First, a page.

A rose by any other name…or Philip K Dick with an unwanted Romeo complex

Gill Sans poster (2)Opening day is getting closer, and the shop space continues to take shape.  It now looks less like a second-hand furniture shop and more like a bookshop with some comfy sofas and chairs to entice you to linger among the books.  We have our opening night celebration all lined up, and two more music gigs booked, one in August, one at the start of November – currently working on booking something in between, it would be great to have music once a month.  Once the bookshelves are properly installed, I will get some projection equipment sorted and we can start watching films sooner rather than later.  And I have a couple of authors keen to come and and talk about their books.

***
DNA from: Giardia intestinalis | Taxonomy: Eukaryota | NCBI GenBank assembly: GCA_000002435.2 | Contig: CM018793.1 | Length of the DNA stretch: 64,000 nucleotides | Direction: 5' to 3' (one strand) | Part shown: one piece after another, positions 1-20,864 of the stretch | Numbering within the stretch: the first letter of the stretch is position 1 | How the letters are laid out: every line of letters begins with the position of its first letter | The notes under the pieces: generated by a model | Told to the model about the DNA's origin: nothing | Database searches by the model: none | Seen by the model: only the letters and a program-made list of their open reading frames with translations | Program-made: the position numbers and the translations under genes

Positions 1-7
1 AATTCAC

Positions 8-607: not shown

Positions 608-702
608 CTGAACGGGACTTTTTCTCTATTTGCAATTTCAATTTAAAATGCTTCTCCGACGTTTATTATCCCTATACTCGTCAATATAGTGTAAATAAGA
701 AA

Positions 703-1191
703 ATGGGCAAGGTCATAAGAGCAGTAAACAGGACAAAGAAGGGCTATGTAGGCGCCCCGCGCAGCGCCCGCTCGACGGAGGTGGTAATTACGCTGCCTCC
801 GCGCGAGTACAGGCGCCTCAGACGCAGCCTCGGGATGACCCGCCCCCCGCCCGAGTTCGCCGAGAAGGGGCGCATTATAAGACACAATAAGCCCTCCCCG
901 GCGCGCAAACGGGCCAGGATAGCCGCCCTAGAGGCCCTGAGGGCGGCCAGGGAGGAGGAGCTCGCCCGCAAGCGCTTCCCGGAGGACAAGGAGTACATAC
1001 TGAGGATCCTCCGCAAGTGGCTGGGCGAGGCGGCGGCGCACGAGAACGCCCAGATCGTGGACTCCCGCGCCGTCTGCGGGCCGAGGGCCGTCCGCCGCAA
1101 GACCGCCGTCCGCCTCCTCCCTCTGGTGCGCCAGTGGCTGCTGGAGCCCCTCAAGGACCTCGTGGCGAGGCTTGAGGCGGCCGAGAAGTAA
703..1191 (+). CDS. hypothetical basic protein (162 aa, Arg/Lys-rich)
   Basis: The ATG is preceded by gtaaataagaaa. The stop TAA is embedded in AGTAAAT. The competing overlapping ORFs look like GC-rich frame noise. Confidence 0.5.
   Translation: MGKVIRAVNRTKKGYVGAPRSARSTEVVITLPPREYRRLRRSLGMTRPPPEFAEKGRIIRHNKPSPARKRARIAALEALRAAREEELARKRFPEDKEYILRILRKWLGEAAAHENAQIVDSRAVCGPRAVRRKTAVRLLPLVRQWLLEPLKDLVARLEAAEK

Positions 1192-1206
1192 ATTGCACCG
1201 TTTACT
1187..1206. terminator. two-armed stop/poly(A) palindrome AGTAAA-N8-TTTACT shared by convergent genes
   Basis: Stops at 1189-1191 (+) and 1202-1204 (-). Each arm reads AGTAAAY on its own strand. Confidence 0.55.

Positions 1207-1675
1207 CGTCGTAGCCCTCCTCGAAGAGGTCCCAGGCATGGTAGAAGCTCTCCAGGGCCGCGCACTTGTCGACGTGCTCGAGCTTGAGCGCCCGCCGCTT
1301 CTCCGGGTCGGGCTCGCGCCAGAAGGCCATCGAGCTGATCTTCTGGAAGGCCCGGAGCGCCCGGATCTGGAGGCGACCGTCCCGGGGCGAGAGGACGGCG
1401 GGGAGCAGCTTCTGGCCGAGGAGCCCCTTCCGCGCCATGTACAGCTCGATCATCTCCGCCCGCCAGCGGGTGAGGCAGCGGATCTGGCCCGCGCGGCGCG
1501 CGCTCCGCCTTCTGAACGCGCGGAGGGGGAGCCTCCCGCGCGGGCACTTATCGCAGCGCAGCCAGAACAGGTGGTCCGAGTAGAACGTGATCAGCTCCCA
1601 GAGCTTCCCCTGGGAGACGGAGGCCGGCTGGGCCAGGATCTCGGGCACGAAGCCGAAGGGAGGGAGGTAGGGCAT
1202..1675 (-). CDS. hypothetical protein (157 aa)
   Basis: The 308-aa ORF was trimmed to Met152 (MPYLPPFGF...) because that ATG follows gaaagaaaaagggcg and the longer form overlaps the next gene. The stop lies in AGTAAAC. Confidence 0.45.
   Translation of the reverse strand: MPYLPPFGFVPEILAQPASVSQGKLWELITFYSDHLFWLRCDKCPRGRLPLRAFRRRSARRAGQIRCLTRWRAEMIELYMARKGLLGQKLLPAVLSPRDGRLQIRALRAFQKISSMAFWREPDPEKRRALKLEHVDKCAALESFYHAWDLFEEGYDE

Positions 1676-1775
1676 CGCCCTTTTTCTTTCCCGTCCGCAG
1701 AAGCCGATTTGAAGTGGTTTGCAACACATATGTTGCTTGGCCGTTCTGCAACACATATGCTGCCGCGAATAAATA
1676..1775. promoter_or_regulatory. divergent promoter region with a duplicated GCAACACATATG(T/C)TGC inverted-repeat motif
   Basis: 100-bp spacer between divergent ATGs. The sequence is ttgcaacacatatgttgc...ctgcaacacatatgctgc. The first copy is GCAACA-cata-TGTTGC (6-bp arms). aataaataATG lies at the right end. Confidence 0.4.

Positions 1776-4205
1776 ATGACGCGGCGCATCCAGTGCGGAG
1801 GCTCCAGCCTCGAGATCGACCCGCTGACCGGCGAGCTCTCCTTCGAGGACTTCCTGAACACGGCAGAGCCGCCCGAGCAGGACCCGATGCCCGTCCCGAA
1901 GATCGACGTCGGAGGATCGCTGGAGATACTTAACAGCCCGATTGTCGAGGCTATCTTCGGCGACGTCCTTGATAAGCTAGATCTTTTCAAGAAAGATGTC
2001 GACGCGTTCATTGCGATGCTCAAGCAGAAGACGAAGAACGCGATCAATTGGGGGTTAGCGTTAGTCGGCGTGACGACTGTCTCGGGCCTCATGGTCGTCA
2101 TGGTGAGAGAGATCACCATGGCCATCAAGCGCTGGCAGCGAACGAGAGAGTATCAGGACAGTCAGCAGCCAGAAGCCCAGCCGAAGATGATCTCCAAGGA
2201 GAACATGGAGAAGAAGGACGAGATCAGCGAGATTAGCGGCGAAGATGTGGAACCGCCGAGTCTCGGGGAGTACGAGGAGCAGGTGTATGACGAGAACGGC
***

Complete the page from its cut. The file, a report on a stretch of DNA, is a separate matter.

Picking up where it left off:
So progress continues – it does feel as though it all moves forward in some way every day.  Now I am starting to make more specific plans about the shop itself, and one of those is how to lay out the stock.  The day is getting close when we can sort and arrange the books, which is exciting!  Non-fiction is easy – I plan to keep categories fairly broad (History, Biography, Travel, Religion, Cookery, etc), though I think I’ll also need a plain old Miscellaneous section too.